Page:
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Epidemiology anxiety disorders
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Epidemiology anxiety disorders

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    • 1. The Epidemiology of Anxiety Disorders
    • 2. Epidemiologic Data Sources
      • The most recent estimates of the prevalence of DSM-IV mental disorders in the United States come from the National Comorbidity Survey Replication (NCS-R).
        • Nationally representative household survey
        • 9,282 respondents age 18 and older
        • Face-to-face interviews between 2001 and 2003
        • Survey response rate: 70.9%
      Source: Kessler RC, Wang PS. The descriptive epidemiology of commonly occurring mental disorders in the United States. Annual Rev Public Health 2008;29:115-129.
    • 3. Measures
      • Lifetime prevalence:
        • The proportion of a sample that has ever experienced a given disorder at sometime in their life (up to their age at study)
      • 12-month prevalence:
        • The proportion of a sample that has experienced a given disorder in the 12 months preceding the study
      • Age of onset
    • 4. Lifetime Prevalence of Anxiety Disorders by Age Source: Kessler RC et al. Lifetime prevalence and age-of-onset distributions of DSM-IV disorders in the National Comorbidity Survey Replication. Arch Gen Psychiatry 62:593-602. Total (%) 18-29 (%) 30-44 (%) 45-59 (%) 60+ Any anxiety disorder 28.8 30.2 35.1 30.8 15.3 Panic disorder 4.7 4.4 5.7 5.9 2.0 Agoraphobia (w/o panic) 1.4 1.1 1.7 1.6 1.0 Specific phobia 12.5 13.3 13.9 14.1 7.5 Social phobia 12.1 13.6 14.3 12.4 6.6 Generalized anxiety disorder 5.7 4.1 6.8 7.7 3.6 Post-traumatic stress disorder 6.8 6.3 8.2 9.2 2.5 Obsessive-compulsive disorder 1.6 2.0 2.3 1.3 0.7 Separation anxiety disorder 5.2 5.2 5.1 NA NA
    • 5. Lifetime Prevalence
      • Anxiety disorders are the most prevalent class of mental disorders
      • Lifetime prevalence is lowest in the oldest age group
      • It is unclear whether this is due to methodological factors…
        • The exclusion of people living in institutions (e.g., nursing homes) from population surveys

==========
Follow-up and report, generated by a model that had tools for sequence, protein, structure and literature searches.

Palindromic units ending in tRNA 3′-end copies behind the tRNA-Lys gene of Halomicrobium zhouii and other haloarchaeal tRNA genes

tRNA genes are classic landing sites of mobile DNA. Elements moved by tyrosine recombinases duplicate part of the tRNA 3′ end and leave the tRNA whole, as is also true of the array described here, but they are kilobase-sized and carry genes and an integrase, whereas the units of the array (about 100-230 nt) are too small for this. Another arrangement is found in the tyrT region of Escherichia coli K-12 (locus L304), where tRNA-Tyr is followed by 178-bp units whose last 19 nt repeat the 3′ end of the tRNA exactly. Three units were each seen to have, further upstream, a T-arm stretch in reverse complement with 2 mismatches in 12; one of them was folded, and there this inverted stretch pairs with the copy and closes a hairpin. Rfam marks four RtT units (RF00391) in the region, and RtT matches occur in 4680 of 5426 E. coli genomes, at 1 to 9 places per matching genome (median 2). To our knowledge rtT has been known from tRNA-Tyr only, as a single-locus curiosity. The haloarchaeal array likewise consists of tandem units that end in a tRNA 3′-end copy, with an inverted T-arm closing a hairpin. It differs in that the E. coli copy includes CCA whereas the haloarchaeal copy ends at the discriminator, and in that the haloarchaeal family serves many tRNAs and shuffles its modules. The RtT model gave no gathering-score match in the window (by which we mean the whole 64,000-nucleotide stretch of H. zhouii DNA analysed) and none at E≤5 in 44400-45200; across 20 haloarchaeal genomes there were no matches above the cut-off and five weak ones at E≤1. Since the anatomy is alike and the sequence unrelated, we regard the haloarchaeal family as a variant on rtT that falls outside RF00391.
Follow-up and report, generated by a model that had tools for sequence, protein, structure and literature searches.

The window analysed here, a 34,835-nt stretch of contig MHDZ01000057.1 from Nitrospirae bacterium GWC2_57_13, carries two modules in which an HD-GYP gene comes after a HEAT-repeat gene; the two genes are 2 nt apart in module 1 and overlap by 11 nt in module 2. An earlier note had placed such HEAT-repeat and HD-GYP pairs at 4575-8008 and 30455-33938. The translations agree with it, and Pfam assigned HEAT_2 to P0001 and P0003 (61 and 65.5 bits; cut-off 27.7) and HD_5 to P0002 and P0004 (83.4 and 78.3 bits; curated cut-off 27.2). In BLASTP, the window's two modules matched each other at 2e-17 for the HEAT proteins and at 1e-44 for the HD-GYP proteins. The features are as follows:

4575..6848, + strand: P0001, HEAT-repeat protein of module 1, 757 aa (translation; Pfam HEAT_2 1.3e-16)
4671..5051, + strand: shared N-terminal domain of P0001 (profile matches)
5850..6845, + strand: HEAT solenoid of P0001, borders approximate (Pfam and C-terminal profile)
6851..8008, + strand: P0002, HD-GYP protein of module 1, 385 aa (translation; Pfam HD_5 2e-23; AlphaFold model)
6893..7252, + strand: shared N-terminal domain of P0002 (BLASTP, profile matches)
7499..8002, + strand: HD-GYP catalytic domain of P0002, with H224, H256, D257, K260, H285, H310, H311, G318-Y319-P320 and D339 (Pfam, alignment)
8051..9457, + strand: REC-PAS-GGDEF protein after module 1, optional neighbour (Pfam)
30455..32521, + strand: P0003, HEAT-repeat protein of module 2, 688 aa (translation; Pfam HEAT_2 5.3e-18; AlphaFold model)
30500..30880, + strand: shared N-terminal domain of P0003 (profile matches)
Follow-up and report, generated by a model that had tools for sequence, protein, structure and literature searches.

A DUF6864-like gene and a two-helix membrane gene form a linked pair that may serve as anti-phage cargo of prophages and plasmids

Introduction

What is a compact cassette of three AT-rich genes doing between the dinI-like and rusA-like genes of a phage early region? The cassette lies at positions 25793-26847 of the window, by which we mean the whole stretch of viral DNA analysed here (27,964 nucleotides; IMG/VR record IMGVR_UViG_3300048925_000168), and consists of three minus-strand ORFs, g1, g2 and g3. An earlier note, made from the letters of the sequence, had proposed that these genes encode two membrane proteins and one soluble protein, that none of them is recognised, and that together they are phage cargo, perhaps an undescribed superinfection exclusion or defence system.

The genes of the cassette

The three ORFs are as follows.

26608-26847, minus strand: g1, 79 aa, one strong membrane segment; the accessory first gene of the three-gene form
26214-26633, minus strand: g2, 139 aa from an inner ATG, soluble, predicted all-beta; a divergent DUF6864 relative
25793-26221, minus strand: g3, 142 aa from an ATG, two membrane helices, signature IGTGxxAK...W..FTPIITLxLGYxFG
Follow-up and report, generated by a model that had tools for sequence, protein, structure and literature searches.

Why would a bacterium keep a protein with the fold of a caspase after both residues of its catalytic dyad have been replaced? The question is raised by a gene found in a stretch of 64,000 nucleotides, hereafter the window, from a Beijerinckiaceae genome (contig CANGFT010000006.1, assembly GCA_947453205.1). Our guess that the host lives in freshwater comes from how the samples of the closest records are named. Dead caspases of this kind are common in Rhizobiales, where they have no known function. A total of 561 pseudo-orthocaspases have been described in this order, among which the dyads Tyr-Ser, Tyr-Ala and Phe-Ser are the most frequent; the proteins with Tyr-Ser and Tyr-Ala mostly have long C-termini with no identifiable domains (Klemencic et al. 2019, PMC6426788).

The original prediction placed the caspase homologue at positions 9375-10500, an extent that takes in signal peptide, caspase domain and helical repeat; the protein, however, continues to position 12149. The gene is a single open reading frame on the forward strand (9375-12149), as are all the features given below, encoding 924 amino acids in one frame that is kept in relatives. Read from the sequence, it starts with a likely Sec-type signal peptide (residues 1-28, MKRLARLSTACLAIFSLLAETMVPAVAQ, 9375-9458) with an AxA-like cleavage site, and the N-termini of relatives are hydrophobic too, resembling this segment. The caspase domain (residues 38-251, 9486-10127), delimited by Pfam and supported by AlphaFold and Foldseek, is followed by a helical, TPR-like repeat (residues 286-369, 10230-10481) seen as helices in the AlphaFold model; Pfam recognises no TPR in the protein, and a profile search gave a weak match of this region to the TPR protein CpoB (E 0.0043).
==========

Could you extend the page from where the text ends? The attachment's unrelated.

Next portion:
• Those with anxiety disorders may have risk factors for early mortality
      • … or due to increasing risk among those born into younger generations
    • 6. Twelve-Month Prevalence of Anxiety Disorders by Severity Source: Kessler RC et al. Lifetime prevalence and age-of-onset distributions of DSM-IV disorders in the National Comorbidity Survey Replication. Arch Gen Psychiatry 62:593-602. Total (%) Serious (% of all cases) Moderate (% of all cases) Mild (% of all cases) Any anxiety disorder 18.1 22.8 33.7 43.5 Panic disorder 2.7 44.8 29.5 25.7 Agoraphobia (w/o panic) 0.8 40.6 30.7 28.7 Specific phobia 8.7 21.9 30.0 48.1 Social phobia 6.8 29.9 38.8 31.3 Generalized anxiety disorder 3.1 32.3 44.6 23.1 Post-traumatic stress disorder 3.5 36.6 33.1 30.2 Obsessive-compulsive disorder 1.0 50.6 34.8 14.6 Separation anxiety disorder 0.9 43.3 24.8 31.9
    • 7. Age of Onset (AOO)
      • The phobias and separation anxiety disorder (SAD) have very early AOO distributions
        • 25 th to 75 th percentiles: 4 – 20 years
      • The other anxiety disorders have later AOO distributions
      Source: Kessler RC, Wang PS. The descriptive epidemiology of commonly occurring mental disorders in the United States. Annual Rev Public Health 2008;29:115-129.
    • 8. Limitations of Epidemiologic Data Sources
      • The NCS-R focused on household populations
        • Exclusion of the homeless
        • Exclusion of those living in institutions
      • Survey participation may be systematically higher in those who do not have mental disorders
      • Survey responses are based on retrospective recall
        • Possibility of recall errors or conscious nonreporting
      • As a result of these limitations, the prevalence of anxiety disorders is likely underestimated
      Source: Kessler RC, Wang PS. The descriptive epidemiology of commonly occurring mental disorders in the United States. Annual Rev Public Health 2008;29:115-129.
    • 9. Sociodemographic Factors Associated with Anxiety Disorders
      • Female
      • Whites
      • Widowed, divorced, or unmarried
      • Unemployment, having no occupation
      • Low level of education
      • Low income
      Sources: Michael T, Margraf J. Epidemiology of anxiety disorders. Psychiatry 2004;3(4):2-6. National Institute of Mental Health Statistics.
    • 10. Risk Factors for Anxiety Disorders
      • Behavioral inhibition during childhood
      • Negative life events
      • Family history of anxiety disorders (genetic factors)
      Sources: Michael T, Margraf J. Epidemiology of anxiety disorders. Psychiatry 2004;3(4):2-6.
    • 11. Comorbid Conditions
      • The level of comorbidity among anxiety disorders is high
      • Anxiety disorders and affective disorders are strongly associated
        • Panic disorder and affective disorders
        • GAD and affective disorders
      • Anxiety disorders and substance abuse disorders are associated, but not as strongly as comorbidity with affective disorders or other anxiety disorders
      Sources: Michael T, Margraf J. Epidemiology of anxiety disorders. Psychiatry 2004;3(4):2-6.